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Music

Literature meets music: Library Voices

Posted by Margot / June 20, 2010

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When these eight musicians storm onto stage, they're using anything but their indoor voices. So I chose to catch up with Library Voices before they started their cacophonous presentation at Il Motore earlier this week. And luckily, I got a chance to talk with the octet not only about their music, but their ideas about books, political figures, and Utopian dreams, too.

As their name might suggest, they're a literary bunch. Hailing from Regina, Saskatchewan and environs, the eight band members (along with their trusty sound guy and merch guy) had a long ride between Montreal and their hometown (3191 kilometers, in fact, if Google Maps isn't mistaken), with a handful of Ontario stops on the way. Instead of listening to their own music on the road (which I concur might be a bit weird), they spent their time brushing up on some classic books-on-tape, including The Unbearable Lightness of Being, and most recently Bill Bryson's A Short History of Nearly Everything. A library on wheels, if you will.

Well-read and articulate, the group's skills translate well into music-making -- they've put together a solid album in Denim on Denim, their first full-length work that came out earlier this year. Top it off with Vonnegut references and commentary on social networking sites, and their music is as intelligent and contemporary as it is fun to listen to. A little bit of pop-py, a little bit of rock-y, a whole lot of good tunes. Of course, everyone wants the best for their music -- when asked what they wanted for their music (when it grows up) they said that they want it to be inspiring, entertaining, and all-around-feel-good. Ideally, they just want people to love their music, make love to their music (and, as Carl added, optimally "at a bush party" -- what better place?)

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In performing, though, the group breaks out with surprising energy (and a dynamism that is super-human to say the least). The band has a tight core, and the additional instruments (sax, trumpet, additional keyboards, many voices, etc.) only add to the layers of music, rather than dilute the melodies. In fact, with three layers of keys-and-synth blending the styles of today and decades past, I occasionally felt like I was dancing with David Bowie in the bubble scene from Labyrinth (if you aren't familiar with that scene, you have some required viewing for the evening). Best of all, though, was when they stepped away from their mics for a second, tuned down the volume, and sang in four-part harmony -- those are some sweet Library Voices.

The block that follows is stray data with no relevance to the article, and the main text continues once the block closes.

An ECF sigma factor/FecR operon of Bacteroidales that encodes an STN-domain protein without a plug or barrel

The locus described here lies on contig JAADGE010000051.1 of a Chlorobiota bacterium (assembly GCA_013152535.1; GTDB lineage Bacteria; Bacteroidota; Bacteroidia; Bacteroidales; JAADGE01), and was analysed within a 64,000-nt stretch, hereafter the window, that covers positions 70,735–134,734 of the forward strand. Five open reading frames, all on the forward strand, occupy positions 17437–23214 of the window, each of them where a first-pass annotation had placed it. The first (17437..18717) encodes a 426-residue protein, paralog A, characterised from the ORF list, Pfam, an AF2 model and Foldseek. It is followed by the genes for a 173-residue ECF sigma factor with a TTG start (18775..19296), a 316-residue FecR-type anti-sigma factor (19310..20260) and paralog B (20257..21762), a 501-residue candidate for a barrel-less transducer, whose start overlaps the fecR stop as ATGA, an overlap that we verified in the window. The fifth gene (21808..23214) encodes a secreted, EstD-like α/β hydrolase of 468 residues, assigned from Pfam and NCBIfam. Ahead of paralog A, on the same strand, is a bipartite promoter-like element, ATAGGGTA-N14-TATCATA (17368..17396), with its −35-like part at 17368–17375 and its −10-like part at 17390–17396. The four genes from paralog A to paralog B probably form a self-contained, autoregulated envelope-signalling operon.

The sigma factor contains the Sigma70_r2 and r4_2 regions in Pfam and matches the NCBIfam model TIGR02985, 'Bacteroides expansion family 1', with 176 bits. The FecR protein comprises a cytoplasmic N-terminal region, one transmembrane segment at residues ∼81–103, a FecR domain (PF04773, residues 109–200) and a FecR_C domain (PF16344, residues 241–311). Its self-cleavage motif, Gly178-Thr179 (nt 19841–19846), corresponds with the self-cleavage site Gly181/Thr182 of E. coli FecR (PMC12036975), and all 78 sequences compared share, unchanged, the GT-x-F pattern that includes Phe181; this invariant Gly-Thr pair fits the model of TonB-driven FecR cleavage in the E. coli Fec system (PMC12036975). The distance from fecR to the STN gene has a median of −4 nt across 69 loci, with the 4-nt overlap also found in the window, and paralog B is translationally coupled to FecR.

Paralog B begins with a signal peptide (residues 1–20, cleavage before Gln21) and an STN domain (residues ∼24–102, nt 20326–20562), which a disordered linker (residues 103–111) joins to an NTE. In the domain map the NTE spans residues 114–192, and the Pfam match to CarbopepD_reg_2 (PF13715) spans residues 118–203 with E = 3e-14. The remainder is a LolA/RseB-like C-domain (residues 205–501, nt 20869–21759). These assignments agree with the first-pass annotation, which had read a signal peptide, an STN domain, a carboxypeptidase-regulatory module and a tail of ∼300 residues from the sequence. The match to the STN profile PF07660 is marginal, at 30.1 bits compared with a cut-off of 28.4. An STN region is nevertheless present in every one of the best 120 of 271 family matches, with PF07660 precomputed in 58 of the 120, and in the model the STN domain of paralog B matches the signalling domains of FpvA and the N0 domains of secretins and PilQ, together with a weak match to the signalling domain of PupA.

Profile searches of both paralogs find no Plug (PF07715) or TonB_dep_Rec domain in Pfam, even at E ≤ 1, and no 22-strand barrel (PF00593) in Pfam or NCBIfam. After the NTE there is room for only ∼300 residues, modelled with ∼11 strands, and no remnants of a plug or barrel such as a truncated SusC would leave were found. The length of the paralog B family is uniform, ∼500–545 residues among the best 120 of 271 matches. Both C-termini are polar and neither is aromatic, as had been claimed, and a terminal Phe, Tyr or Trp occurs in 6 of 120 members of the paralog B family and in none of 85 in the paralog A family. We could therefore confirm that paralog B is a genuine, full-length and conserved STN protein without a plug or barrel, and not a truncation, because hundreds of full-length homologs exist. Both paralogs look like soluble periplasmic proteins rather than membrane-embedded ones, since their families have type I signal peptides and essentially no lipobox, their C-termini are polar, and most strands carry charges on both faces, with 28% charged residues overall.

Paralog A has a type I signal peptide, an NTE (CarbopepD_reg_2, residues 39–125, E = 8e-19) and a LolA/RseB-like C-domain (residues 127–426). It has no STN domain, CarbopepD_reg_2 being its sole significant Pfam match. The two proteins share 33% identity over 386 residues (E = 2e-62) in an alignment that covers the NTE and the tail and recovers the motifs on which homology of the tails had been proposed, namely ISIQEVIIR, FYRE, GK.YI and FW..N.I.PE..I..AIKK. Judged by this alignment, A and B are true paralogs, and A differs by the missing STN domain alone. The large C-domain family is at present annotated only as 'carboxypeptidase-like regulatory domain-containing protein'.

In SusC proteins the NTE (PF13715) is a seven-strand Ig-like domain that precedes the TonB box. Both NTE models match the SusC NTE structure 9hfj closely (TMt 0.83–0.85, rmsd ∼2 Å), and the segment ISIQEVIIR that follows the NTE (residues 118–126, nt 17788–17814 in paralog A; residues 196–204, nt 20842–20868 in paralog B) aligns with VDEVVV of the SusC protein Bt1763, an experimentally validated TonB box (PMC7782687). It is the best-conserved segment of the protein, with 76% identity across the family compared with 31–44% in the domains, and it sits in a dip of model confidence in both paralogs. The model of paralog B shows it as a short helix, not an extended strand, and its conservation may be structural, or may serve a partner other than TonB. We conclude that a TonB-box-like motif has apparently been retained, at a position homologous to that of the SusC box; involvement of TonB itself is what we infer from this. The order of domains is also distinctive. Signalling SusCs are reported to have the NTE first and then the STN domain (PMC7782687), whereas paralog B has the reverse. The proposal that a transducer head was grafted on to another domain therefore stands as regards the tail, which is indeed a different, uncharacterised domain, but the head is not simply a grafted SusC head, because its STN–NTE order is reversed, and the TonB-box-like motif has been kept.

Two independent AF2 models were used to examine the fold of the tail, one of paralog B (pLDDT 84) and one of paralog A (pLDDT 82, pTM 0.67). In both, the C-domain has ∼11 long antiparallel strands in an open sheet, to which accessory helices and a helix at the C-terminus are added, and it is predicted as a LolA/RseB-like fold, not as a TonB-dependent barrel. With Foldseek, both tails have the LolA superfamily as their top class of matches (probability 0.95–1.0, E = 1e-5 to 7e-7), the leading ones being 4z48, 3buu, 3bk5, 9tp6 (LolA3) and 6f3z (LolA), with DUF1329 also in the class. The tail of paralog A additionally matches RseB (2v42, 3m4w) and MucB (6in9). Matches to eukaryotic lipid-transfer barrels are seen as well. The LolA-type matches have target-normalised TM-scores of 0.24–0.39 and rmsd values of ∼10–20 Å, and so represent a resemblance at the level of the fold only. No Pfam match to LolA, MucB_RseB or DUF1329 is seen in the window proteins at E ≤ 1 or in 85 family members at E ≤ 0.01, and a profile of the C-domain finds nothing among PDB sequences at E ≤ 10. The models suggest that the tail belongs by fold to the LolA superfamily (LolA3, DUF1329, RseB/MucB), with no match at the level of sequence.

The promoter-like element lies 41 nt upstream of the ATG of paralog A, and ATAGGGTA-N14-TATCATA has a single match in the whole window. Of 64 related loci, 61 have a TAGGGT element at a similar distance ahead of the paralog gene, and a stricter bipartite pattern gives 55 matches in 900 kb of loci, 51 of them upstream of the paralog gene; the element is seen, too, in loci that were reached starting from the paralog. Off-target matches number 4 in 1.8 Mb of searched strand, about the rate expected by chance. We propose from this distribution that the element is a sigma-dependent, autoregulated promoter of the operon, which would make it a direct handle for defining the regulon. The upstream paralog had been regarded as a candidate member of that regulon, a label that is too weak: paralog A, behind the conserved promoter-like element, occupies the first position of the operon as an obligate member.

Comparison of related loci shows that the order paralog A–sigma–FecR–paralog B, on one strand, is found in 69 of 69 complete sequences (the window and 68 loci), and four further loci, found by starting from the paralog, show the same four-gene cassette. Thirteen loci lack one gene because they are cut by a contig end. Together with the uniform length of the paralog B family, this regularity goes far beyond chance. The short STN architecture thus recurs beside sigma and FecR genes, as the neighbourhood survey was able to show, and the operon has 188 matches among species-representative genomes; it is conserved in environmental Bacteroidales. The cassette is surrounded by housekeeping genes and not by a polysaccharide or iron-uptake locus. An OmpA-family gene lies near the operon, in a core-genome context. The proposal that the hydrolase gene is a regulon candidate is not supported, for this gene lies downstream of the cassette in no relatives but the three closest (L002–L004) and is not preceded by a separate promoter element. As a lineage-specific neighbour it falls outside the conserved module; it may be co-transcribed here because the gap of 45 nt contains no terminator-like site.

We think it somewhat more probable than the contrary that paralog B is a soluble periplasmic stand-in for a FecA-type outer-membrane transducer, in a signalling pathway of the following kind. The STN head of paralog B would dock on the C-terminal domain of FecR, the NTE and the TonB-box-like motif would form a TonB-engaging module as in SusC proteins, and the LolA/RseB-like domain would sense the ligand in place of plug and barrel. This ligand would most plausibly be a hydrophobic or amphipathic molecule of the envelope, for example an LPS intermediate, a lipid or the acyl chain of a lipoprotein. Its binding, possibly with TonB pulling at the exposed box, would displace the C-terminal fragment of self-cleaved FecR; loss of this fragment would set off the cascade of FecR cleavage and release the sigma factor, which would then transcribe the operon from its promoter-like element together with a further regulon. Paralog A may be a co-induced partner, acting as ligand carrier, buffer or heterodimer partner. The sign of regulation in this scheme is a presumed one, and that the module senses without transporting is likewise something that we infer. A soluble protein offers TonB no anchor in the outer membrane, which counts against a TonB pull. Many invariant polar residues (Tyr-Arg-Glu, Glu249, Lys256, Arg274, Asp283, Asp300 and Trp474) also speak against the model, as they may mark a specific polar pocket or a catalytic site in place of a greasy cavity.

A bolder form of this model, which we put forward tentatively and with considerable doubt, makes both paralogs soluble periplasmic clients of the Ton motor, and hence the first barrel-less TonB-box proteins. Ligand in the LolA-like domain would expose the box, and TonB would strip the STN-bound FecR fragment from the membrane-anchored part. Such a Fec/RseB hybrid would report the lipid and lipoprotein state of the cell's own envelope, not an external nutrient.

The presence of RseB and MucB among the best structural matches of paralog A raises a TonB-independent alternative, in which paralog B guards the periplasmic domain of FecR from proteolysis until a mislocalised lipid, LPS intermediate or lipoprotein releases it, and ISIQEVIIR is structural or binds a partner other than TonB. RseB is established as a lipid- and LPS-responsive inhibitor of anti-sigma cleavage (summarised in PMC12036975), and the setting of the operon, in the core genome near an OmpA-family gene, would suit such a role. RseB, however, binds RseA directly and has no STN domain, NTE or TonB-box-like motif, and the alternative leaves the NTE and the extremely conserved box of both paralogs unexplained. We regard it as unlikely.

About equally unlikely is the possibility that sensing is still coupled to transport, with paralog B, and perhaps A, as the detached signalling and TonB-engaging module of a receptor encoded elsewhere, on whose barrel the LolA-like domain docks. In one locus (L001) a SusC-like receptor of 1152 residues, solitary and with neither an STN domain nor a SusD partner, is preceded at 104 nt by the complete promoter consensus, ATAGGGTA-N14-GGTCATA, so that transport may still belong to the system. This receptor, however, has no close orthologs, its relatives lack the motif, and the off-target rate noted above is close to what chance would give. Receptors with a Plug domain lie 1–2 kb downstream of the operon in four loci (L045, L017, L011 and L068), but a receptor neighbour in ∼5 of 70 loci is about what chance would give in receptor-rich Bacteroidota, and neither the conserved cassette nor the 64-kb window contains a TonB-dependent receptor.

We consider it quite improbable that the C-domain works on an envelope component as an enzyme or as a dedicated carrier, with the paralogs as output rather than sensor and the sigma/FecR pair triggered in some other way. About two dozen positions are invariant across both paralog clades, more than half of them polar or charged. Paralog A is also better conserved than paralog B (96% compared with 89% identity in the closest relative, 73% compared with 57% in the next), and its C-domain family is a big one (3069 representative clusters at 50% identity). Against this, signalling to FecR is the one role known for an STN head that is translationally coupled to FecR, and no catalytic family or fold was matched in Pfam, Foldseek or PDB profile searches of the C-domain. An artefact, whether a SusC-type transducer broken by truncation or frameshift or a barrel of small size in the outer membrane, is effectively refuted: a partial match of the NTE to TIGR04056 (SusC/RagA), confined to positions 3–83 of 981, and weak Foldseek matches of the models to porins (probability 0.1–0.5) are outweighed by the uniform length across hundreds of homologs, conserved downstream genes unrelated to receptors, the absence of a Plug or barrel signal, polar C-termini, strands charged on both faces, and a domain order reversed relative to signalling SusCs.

The band was joined by an opener and a closer - the former a loud duo called The Pack A.D., composed of the Joplin-esque Becky Black and maniac-at-the-kit Maya Miller, and the latter a band from Brisbane-via-Brooklyn, The Grates, who closed the place down for the night.

Library Voices are: Michael Dawson, Carl Johnson, Mike Thievin, Karla Miller, Eoin Hickey-Cameron, Amanda Scandrett, Paul Gutheil, and Brennan Ross.

Discussion

2 Comments

kanchipuramsarees / January 22, 2019 at 11:44 pm
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Nice post
kanchipuramsarees / January 22, 2019 at 11:44 pm
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Nice post

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